LARCH 361 | 3 credit course | VLPA | I&S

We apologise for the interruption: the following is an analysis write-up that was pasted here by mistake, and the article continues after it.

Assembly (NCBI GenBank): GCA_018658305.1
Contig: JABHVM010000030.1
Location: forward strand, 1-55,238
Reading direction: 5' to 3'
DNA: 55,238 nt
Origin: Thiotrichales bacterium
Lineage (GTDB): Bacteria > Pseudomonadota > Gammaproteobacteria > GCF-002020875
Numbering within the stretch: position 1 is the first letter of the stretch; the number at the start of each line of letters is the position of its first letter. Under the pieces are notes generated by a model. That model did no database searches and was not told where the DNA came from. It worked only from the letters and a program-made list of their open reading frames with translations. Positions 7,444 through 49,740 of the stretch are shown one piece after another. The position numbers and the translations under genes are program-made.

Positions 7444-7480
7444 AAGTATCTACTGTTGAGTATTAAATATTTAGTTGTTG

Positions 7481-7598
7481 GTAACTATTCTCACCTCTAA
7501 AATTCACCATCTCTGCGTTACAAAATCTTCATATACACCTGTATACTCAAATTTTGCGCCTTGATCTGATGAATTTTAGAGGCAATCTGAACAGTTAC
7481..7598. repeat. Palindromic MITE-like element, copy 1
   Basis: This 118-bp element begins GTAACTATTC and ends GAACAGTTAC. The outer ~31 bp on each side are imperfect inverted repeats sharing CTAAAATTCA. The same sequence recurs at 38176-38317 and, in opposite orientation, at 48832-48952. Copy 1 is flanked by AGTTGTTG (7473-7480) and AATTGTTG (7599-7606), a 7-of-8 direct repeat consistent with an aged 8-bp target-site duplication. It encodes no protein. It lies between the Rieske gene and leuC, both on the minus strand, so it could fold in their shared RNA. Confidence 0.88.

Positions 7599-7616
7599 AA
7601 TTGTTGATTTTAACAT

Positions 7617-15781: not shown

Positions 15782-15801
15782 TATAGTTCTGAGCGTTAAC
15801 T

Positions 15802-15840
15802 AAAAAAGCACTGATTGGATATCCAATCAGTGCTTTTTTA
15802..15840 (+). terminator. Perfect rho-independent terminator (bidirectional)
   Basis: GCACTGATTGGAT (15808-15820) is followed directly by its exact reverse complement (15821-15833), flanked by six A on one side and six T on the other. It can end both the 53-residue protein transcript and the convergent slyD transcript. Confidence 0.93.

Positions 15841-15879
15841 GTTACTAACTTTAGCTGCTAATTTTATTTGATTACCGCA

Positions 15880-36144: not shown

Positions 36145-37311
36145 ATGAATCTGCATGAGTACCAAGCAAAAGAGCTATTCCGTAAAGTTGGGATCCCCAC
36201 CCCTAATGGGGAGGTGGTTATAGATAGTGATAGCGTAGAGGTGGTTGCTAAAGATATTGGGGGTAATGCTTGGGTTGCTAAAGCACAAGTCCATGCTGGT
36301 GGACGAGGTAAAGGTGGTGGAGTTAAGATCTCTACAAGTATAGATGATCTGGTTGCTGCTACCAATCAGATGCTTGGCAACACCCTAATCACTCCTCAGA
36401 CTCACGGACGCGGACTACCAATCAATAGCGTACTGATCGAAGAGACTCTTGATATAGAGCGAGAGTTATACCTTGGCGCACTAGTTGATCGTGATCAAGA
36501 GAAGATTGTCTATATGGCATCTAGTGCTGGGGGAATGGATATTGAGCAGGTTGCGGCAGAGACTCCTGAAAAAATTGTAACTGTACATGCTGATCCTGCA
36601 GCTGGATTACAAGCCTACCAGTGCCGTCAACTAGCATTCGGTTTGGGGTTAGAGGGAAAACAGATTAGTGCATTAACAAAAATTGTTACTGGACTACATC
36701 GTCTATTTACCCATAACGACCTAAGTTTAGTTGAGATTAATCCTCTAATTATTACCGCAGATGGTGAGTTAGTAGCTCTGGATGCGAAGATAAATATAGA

This course will explore the nature and nuances of interrelationships between people and their surroundings by examining an array of critical issues in environmental psychology. Here, the environment is broadly defined to include not only our physical surroundings (both natural and built) but also the larger socio-cultural, economic and political milieu in which we live. Starting with foundational theories on place attachment and place identity, the course will also cover classic issues that help inform urban ecological design, such as relationships to nature, landscape preferences, personal space, territoriality, density and crowding. The latter part of the course will address the emerging importance of the politics of place and social justice as manifest through the appearance, meanings and uses of place. This will include issues of affordable housing, urban public space and geographies of resistance. In addressing these issues, the course will provide a critical framework for understanding the role of the environment in our everyday lives. Through this course, students develop the ability to analyze environment-and-behavior issues, think more critically about the physical environment, and better understand the ways that we exert influence on the environment. This course will also help design students to create more effective and appropriate environments that address human needs.